The University of NSW has developed a ‘social robot’ to interact with employees in the workplace
A new employee is set to join Fuji Xerox R&D Square in Japan.
Designed to improve employee experience in the workplace, the ‘social robot’ is part of a three-year collaboration between the UNSW Creative Robotics Lab and the Fuji Xerox Research Technology Group (RTG) in Japan.
The robot has been made to interact with employees in the workplace and perform administrative and organisational tasks. The idea is to allow workers to use their time to create, according to Roshan Thapliya, research senior manager of the Research and Technology Group at Fuji Xerox.
“If you look at an average office worker at the moment, almost 70-80% of their time they are not doing the work they should be doing,” said Dr Thapliya.
“They are looking for documents or for the right person to ask about a particular problem.
“We would like a special type of robot that would fit right into the workplace so that people will not be disturbed by its presence but at the same time help them with their tasks.”
The first phase of the project involved preliminary engineering tests at UNSW. In the next phase, the robot will be placed in real-life scenarios to test audience reactions, first at the National Museum of Emerging Science and Innovation in Tokyo then at the Fuji Xerox office.
The second phase will concentrate on developing technology that will monitor and enhance the employees' wellbeing and facilitate collaboration between colleagues.
Dr Thapliya and the Director of the Creative Robotics Lab at UNSW, Professor Mari Velonaki, say "synchronicity is the key to workplace cooperation", and the robot is designed to facilitate that.
Moreover, they believe that social robots can break down barriers between employees to encourage collaboration.
“If you are calm and able to synchronise with your team members then your productivity will improve, and this is what we are looking for," said Dr Thapliya.
"We are not looking for drones, we are looking for creators and innovators,”
Professor Velonaki added that with "synchronicity" they are looking at a balanced environment.
"Someone else wants to join a circle because it seems collaborative and the robot can facilitate that,” said Professor Velonaki.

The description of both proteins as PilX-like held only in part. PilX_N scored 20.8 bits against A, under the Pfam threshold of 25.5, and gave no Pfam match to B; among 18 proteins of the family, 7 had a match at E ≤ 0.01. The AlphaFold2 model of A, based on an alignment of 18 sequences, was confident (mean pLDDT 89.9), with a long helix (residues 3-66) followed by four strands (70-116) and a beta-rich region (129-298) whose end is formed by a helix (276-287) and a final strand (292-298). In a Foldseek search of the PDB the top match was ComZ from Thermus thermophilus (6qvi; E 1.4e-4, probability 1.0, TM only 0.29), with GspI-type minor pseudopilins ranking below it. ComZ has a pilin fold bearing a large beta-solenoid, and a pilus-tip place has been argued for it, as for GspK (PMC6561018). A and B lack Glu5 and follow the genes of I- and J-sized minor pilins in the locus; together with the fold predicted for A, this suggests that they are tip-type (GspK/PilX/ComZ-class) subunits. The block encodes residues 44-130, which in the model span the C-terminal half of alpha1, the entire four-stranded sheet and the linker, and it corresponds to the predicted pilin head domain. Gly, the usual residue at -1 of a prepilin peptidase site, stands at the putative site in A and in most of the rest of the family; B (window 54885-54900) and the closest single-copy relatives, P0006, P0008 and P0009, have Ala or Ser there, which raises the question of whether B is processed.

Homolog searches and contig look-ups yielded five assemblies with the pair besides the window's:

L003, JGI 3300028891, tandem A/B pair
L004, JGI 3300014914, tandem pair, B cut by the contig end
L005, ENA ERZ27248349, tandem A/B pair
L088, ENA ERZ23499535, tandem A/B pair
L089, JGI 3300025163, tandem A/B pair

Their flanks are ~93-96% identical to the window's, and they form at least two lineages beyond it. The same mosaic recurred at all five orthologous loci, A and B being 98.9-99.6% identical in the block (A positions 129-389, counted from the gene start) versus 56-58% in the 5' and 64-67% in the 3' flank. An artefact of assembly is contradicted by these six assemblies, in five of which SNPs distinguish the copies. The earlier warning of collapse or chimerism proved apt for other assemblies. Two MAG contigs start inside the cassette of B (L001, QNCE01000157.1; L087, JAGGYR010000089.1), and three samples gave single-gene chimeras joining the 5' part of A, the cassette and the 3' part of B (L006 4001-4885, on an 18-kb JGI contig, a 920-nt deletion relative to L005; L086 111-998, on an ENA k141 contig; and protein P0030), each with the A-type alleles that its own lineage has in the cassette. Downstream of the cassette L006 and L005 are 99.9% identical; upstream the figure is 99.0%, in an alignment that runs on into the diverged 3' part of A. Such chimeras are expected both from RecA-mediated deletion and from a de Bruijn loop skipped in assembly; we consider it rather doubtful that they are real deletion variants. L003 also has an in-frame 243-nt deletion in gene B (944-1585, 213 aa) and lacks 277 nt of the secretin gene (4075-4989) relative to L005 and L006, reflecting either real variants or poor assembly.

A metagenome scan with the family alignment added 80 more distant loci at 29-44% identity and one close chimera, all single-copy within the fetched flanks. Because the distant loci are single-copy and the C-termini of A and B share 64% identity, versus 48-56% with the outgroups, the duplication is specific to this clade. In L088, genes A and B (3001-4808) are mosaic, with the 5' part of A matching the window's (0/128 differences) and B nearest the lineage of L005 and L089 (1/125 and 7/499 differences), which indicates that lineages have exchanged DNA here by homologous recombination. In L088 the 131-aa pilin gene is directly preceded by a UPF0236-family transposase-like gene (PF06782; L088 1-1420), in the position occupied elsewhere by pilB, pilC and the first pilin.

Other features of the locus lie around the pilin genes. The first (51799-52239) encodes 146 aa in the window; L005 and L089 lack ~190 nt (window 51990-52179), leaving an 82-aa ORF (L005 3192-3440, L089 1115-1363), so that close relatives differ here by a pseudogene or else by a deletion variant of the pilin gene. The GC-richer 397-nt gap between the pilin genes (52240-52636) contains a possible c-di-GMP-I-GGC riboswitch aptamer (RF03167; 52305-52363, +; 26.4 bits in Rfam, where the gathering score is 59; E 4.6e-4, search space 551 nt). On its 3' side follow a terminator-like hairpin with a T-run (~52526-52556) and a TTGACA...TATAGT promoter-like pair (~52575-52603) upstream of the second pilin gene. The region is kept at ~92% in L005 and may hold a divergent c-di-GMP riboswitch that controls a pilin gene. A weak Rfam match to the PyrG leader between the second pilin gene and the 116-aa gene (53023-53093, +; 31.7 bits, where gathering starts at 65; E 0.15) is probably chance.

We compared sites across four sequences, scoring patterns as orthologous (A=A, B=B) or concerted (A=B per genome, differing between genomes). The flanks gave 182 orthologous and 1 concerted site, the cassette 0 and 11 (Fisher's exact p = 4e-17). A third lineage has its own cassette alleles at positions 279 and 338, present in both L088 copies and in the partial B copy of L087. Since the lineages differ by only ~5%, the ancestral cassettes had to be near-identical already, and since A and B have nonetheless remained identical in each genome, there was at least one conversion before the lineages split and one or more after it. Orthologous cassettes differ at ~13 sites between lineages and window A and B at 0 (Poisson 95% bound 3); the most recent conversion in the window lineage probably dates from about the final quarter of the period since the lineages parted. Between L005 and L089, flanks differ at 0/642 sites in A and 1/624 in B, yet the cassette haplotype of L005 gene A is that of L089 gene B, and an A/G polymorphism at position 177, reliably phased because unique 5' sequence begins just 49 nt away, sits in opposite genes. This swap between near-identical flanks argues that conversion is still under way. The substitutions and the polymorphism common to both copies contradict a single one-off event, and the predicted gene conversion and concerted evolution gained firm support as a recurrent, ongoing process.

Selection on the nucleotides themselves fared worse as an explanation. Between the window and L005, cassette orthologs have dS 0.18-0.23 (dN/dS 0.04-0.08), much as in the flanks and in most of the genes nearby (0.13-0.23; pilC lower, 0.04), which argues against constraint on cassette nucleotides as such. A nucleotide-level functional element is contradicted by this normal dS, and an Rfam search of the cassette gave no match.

Dr Thapliya added that the emotional wellbeing of people in the workplace is vital and that social robots can be of assistance with that.
“Our main goal is to make a companion for humans… I think one of the differentiators will be understanding the person’s emotional requirements and acting not in a physical way, but in a subtle way that facilitates positive arousal… we want to create a heartful robot,” Dr Thapliya said.
The pair are also adamant that social robots will not replace people in the workplace. Instead, they will allow workers to collaborate and be creative.
“We are not interested in building machines that will replace humans, we are interested in creating systems that enhance humans. It is to connect people. It sounds like an oxymoron asking a robot to connect people, but there can be less stigma attached when a physical agent connects people,” said Professor Velonaki.
Dr Thapliya said creativity is the one thing that humans will always be better at than machines, and creative work is what will be required over the next 20 to 30 years.
“What technology does is it disrupts this linear model into a different model and actually creates more jobs,” said Dr Thapliya.
Last year, MYOB's Future of Business Report: The Age of Change, found Australian businesses may not be prepared to face the total transformation of business coming in the next two decades.
MYOB's chief technical advisor and futurist, Simon Raik-Allen, said the key trends that business operators expect will alter their industry cover a broad range of technologies, from improvements in connectivity and cloud computing, to robotics and machine learning.
“Few local businesses see themselves as early adopters or fast followers of newly introduced innovations – most tend to wait until they are widely adopted, putting themselves behind the curve,” he said.
“They also see many barriers to innovation – from costs and red tape to a shortage of skilled staff – which will restrict how prepared businesses are to manage the technological changes we’ll see over the next decade.
“But in a world where a robot tractor can plough a field and repair a fence line, a robotic plumber can fix your toilet, a drone can deliver a coffee made by an automatic barista, AI can scan and approve a contract and a holographic projector can let you visit any place in the world, what place is there for a business that delivers any of these services today?”